Moore v. Mann et al
MEMORANDUM ORDER re: 65 MOTION to Compel Discovery filed by Brian C Moore. IT IS ORDERED that the plaintiff's motion to compel (Doc. 65.) is DENIED without prejudice to the filing of up to ten additional interrogatories on or before May 19, 2017. Signed by Magistrate Judge Martin C. Carlson on April 18, 2017. (kjn)
IN THE UNITED STATES DISTRICT COURT
FOR THE MIDDLE DISTRICT OF PENNSYLVANIA
ANGELA MANN, et al.,
CIVIL NO. 3:13-CV-2771
(Magistrate Judge Carlson)
This is a pro se prisoner civil rights action brought by a state prisoner which
is currently proceeding against six correctional defendants on a single legal claim, an
Eighth Amendment failure to protect claim. (Doc. 53.) This Eighth Amendment
failure to protect claim stems out of remarks that Moore alleges the correctional
officers made in the presence of others in the Fall of 2011, identifying Moore as both
a snitch and a pedophile, remarks which Moore alleges placed him at grave risk of
The parties are advised that, pursuant to 28 U.S.C. § 636, the district court
has orally referred the above-captioned case to the undersigned for pre-trial
management, resolution of non-dispositive motions, and preparation of reports and
recommendations on potentially dispositive matters.
There is a pending motion to compel discovery filed in this case by Moore.
(Doc. 65.) This motion, and further discovery, had been deferred for a period of time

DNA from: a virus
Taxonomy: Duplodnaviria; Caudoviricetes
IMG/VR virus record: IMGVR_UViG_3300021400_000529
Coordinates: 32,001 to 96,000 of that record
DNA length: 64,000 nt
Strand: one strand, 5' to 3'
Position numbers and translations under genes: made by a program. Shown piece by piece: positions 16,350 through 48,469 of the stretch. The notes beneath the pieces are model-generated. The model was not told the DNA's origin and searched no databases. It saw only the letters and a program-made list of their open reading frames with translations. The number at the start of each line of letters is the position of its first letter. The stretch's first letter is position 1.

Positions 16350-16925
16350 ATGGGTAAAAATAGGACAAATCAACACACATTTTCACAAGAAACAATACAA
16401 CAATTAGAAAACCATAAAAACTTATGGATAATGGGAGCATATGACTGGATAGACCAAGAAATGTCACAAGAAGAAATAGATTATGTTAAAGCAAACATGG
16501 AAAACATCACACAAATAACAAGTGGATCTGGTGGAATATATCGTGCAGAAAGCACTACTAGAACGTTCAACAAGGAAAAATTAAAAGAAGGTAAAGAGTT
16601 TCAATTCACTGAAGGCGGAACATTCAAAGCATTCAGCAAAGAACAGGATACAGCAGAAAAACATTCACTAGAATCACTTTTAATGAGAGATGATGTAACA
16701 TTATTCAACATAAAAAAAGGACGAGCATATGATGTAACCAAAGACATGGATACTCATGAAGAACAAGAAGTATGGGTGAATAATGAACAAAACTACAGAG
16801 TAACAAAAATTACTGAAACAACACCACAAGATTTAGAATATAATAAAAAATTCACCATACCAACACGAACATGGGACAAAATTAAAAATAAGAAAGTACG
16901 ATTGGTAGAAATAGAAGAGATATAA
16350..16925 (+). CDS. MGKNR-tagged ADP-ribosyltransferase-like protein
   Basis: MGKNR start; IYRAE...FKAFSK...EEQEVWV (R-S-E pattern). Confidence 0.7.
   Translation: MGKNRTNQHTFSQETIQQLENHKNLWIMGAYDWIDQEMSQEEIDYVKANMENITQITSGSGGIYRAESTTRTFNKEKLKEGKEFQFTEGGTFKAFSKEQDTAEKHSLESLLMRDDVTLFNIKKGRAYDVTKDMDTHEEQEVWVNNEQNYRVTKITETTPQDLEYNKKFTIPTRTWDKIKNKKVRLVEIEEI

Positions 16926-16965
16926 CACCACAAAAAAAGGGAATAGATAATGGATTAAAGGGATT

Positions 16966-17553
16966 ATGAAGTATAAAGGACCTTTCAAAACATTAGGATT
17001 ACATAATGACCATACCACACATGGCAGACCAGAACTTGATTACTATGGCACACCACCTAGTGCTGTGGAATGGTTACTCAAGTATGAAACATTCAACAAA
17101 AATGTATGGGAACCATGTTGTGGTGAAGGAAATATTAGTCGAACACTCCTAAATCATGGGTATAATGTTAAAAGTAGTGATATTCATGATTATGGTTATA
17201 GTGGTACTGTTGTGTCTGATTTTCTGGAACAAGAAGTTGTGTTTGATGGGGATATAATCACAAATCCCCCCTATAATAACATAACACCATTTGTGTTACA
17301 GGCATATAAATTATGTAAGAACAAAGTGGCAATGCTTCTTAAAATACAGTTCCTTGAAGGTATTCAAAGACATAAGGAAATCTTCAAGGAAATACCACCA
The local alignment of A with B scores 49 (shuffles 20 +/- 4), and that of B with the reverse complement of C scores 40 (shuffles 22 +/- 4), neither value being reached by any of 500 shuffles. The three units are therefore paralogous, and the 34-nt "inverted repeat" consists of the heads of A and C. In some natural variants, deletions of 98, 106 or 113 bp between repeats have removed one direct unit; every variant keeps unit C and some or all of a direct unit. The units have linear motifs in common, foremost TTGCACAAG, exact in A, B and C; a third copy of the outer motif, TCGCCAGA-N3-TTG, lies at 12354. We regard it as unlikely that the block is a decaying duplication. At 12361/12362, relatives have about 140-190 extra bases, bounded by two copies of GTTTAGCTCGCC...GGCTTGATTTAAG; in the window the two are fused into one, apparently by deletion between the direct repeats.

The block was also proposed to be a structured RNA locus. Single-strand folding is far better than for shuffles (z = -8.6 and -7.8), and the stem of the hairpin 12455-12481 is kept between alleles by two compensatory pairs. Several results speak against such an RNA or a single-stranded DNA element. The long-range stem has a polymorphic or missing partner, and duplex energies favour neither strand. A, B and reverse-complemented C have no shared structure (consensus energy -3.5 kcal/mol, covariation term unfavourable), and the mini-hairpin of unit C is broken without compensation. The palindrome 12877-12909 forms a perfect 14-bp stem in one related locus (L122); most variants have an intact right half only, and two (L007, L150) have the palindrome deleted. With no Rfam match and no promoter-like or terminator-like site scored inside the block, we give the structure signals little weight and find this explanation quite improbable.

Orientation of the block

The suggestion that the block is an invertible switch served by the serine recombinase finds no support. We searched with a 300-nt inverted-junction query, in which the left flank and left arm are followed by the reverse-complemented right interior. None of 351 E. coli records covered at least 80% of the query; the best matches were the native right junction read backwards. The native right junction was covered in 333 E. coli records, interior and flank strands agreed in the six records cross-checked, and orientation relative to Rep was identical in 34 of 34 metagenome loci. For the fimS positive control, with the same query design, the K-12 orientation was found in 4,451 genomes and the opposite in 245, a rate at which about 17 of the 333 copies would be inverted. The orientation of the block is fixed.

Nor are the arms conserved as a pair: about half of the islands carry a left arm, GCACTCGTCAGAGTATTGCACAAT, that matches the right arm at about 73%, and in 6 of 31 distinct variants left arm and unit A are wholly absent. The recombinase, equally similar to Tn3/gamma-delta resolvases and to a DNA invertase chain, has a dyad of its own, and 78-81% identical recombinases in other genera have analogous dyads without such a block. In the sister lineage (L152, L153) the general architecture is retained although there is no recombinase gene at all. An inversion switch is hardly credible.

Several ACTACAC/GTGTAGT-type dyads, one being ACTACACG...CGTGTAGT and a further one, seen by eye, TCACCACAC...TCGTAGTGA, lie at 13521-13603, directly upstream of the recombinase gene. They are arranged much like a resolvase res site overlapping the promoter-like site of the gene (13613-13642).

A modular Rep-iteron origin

while the court addressed other legal issues. However, with a series of rulings by the
district court on other matters in April of 2017, this motion is now ripe for resolution,
and on April 14, 2017, this matter was referred to the undersigned for our
We have now reviewed the parties’ pleadings with respect to these discovery
issues. While Moore’s motion to compel casts this discovery dispute as a wholesale
failure by the defendants to provide any discovery, a review of the defendants’
discovery responses shows that Moore’s assertion is incorrect. In fact, the defendants
have provided responses to many of Moore’s discovery demands, albeit in a fashion
which reveals very little factual support for Moore’s claims. Thus, the defendants
have responded to all of Moore’s interrogatories and requests for production of
documents, providing answers to many of these questions, lodging objections to some
requests, and submitting both answers and objections to the remaining requests.
While the defendants declined to address Moore’s propounded deposition on written
questions they did so for sound reasons, since this propounded discovery did not
comply with the Federal Rules of Civil Procedure.
In a number of instances, the defendants objected to some of Moore’s specific
discovery demands, which sought personal, sexual information, information of a
limitless scope relating to the identities of third parties and other inmates, data
concerning other, unrelated inmate complaints against staff, social media histories
and passwords used by prison staff, or demanded documents and information which
was entirely unrelated to the issues in this case. Many of these discovery requests
were argumentative in tone, impermissibly broad in scope, and sought to delve into
areas that were both highly personal and irrelevant. However, in most instances, even
as the defendants objected to these matters, they provided responses, albeit responses
which largely contradicted and undermined Moore’s claims of staff misconduct.
Having conducted this review for the reasons set forth below, with the narrow
exception noted below, the motion to compel will be DENIED.